He may have been all cute and cuddly when he co-starred in one of the most beloved movies of all time, but was Toto truly the dog that people think he was?
First of all, Toto was played by a female Cairn Terrier named Terry, who was born five years prior to the production of the film in 1933. Owned and trained by famed Hollywood dog trainer Carl Spitz, Terry worked previously with Shirley Temple (who was originally considered for the role of Dorothy, made famous by Judy Garland) in the 1934 film Bright Eyes. When she landed the role of Toto in The Wizard Of Oz, Terry received a weekly compensation of $125, which was more than any human actor on the film. Already that canine was headed for divadom.
Stories about Terry have been passed down through the years. At a recent press junket in New York for the Wizard Of Oz 70th anniversary, Jennifer LeRoy, owner of the celebrated Tavern On The Green restaurant and the granddaughter of the film’s producer Mervyn LeRoy, recalled, “My father wanted to take Toto home after the making [of the film], and he did. She actually turned on to be kind of an evil dog, but apparently she went on to do other movies. I just heard that she was a very prima donna dog.”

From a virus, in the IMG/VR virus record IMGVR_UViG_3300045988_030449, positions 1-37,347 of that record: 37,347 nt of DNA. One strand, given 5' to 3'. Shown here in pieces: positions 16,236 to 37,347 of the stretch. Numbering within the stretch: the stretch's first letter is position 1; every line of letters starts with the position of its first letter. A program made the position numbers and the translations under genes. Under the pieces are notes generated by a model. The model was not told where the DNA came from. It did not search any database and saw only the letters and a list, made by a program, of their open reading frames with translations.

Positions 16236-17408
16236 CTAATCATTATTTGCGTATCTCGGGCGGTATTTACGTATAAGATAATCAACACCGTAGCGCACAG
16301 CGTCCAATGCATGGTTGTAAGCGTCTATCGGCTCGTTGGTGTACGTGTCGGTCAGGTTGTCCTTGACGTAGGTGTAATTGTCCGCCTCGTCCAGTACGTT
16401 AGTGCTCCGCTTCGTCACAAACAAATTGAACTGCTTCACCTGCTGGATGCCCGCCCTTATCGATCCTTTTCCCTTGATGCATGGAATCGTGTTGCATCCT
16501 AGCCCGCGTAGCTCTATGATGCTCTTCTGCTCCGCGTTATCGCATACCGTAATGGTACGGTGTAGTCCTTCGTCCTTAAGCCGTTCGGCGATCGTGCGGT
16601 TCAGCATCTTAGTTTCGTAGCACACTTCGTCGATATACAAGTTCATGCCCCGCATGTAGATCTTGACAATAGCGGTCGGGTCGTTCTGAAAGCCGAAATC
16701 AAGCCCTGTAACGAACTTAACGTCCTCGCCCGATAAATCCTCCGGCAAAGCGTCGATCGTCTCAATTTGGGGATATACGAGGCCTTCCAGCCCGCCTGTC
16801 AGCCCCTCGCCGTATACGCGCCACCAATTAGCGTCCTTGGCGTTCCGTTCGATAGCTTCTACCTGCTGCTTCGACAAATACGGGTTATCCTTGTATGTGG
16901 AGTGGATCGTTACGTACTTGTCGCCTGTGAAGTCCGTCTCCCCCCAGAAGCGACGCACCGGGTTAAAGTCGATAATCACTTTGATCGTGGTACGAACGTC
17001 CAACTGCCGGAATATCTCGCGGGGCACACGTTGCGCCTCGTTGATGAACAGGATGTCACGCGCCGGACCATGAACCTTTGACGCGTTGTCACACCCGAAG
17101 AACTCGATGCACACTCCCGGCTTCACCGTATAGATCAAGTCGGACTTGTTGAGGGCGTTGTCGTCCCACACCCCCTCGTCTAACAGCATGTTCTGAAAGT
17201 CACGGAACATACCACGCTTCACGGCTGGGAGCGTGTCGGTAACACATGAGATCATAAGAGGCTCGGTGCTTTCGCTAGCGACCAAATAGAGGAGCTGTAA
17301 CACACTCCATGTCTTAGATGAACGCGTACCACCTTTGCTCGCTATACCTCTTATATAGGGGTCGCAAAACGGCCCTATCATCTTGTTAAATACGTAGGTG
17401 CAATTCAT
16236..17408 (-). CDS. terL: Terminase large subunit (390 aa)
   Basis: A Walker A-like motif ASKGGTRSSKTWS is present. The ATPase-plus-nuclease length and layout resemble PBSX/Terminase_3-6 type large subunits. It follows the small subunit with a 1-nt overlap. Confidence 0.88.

Lorna Luft, singer, actress and daughter of Oz star Judy Garland, had her own Toto tale recounted by her late mother. “She did tell me at one point that the dog did have the worst breath in the world,” said Luft. “It all made us laugh because the dog was constantly put in her face [with its] silly panting, and she did everything but wince because poor little Toto needed an Altoid.”
Ultimately it does not matter what people know about Terry/Toto’s backstage and offstage shenanigans. Her beloved image has become immortalized through the film and through various portraits and merchandising. Still, those dog tales reaffirm why some of us are cat people. Unless you stop to think about Cat People.